The female principal of St Andrews University has finally given vent to her true feelings about the neighbouring R&A's discriminatory policies, claiming that it has interfered with her work.

Louise Richardson, an American who was appointed as the university's first female principal five years ago, has long resisted commenting on the decision by the club which spawned golf's governing body to deny her the offer of membership that is traditionally afforded to those taking up that post.

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The 55-year-old mother of three left it to others, including First Minister Alex Salmond, to speak out against their failure to do so at the time, but now, in an interview given to The New York Times, Richardson seems to accept that she under-estimated the importance of the issue.

"I, being kind of a professional and a pragmatist, said, 'Oh, we can work something out; this is silly'. But little did I know . . ." she is quoted as saying.

However, she now recognises that the closeness of the R&A's association with the town is a hindrance to fund-raising, which she cites as one of her central missions, while also impacting upon her efforts to encourage ambition and raise aspirations among her students, 57% of whom are women.

"The last thing I want to do is sound strident about this, because on my list of concerns, it's not high up there, and yet it's tough when you think about it," she says. "Here's St Andrews University, ranked third in the UK, we're an organisation of 10,000 people, we support 9000 jobs, I run this place very successfully, and I'm not allowed in the clubhouse 600 yards from my house?

"I should say I have occasionally been invited into the clubhouse. I think once a month on a Sunday, wives that are well-behaved are invited to a lunch, something like that. People have said, 'Don't worry, I'll take you to lunch'. But I've said, 'I'm not eating in the clubhouse until women can enter'."

With what looks like calculated timing, this interview has been published in which she exposes the childishness of the most unreconstructed elements within the R&A, which postures as a standard-bearer for good behaviour and etiquette.

The article outlines how, in what is a small community, Richardson routinely finds herself conducting business with R&A members who, it claims, wave their ties in her face: "To draw my attention, lest I didn't notice. They think that's funny.

"Once or twice, female professors have seen me in situations where I'm surrounded by men wearing their R&A ties, and they get really upset and offended for me," she is also quoted as saying.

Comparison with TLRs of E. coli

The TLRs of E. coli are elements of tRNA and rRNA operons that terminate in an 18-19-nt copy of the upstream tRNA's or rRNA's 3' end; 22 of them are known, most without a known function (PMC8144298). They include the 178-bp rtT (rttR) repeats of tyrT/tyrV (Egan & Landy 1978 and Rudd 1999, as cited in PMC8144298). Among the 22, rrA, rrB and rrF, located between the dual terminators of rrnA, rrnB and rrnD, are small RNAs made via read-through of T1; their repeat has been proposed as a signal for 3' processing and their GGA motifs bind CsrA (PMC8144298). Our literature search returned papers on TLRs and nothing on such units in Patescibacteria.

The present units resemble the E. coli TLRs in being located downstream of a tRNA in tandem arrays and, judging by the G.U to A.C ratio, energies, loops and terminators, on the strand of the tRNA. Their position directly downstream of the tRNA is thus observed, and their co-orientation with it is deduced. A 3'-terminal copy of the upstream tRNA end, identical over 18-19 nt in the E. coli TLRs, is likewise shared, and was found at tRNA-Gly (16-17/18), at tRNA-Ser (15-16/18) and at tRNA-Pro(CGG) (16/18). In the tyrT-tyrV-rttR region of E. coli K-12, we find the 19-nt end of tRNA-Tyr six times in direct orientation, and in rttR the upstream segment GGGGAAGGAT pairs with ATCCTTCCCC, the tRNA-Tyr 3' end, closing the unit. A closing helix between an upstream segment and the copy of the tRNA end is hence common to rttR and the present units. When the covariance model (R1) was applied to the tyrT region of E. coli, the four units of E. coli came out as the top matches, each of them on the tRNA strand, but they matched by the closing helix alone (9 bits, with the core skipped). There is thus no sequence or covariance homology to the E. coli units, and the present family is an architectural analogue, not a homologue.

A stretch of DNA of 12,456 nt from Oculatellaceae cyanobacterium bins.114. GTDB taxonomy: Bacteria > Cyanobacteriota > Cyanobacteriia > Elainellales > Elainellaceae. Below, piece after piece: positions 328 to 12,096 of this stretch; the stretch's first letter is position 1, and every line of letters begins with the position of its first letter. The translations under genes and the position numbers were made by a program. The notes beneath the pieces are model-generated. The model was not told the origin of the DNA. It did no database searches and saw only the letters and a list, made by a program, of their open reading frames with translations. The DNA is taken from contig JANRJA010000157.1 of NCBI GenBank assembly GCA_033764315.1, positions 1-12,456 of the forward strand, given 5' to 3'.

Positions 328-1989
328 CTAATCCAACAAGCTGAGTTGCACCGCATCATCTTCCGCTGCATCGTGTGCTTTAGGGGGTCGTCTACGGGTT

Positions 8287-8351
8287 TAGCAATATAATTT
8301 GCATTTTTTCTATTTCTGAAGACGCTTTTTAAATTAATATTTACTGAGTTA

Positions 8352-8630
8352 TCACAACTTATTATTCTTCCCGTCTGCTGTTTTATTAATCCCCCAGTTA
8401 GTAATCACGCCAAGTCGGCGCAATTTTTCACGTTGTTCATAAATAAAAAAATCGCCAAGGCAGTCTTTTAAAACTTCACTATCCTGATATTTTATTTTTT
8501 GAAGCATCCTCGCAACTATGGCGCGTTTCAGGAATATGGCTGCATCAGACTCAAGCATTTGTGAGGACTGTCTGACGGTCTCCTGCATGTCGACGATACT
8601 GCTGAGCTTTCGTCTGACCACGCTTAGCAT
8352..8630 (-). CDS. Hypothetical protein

Just two months ahead of the R&A's vote on whether to permit female members the interview appeared on the weekend that the British Women's Open was taking place at Royal Birkdale, an open club, but the Scottish Open was taking place at male-only Royal Aberdeen, and her comments expose what those seeking change are up against.

Meantime, Richardson explains how the dysfunctional nature of the way things currently operate affects the business of one of Scotland's most important institutions by preventing her from being able to cultivate business relationships in customary fashion.

"A supporter of the university got in touch and asked if he could possibly have lunch at the R&A today," she told her interviewer. "I had to arrange for somebody I know to take him to lunch at the R&A because, of course, I can't. And I had to arrange for another member of the staff to take his wife to lunch some place in town because, of course, she can't get into the R&A, either."

Richardson's decision to speak out to a publication in her native America rather than a British one has the potential to be interpreted as a snub to domestic sports writers, whose lack of appetite for scrutiny of this issue has often been questioned.

However, this interview hints at different motivation for that decision, noting that she arrived from Harvard, where her academic focus had been on terrorism, most notably through her publication, eight years ago, of What Terrorists Want: Understanding the Enemy, Containing the Threat.

The interviewer observes that Richardson is an advocate of working to understand terrorists' perspectives, rather than summarily demonising them, and speaks of isolating terrorists from what she describes as their 'enabling communities', before suggesting she has "employed a similar strategy" in St Andrews.

"My general approach is absolutely to try to understand the other, try to understand where they're coming from," she is quoted as saying.

The R&A vote takes place on the same day as the referendum on Scottish independence on September 18.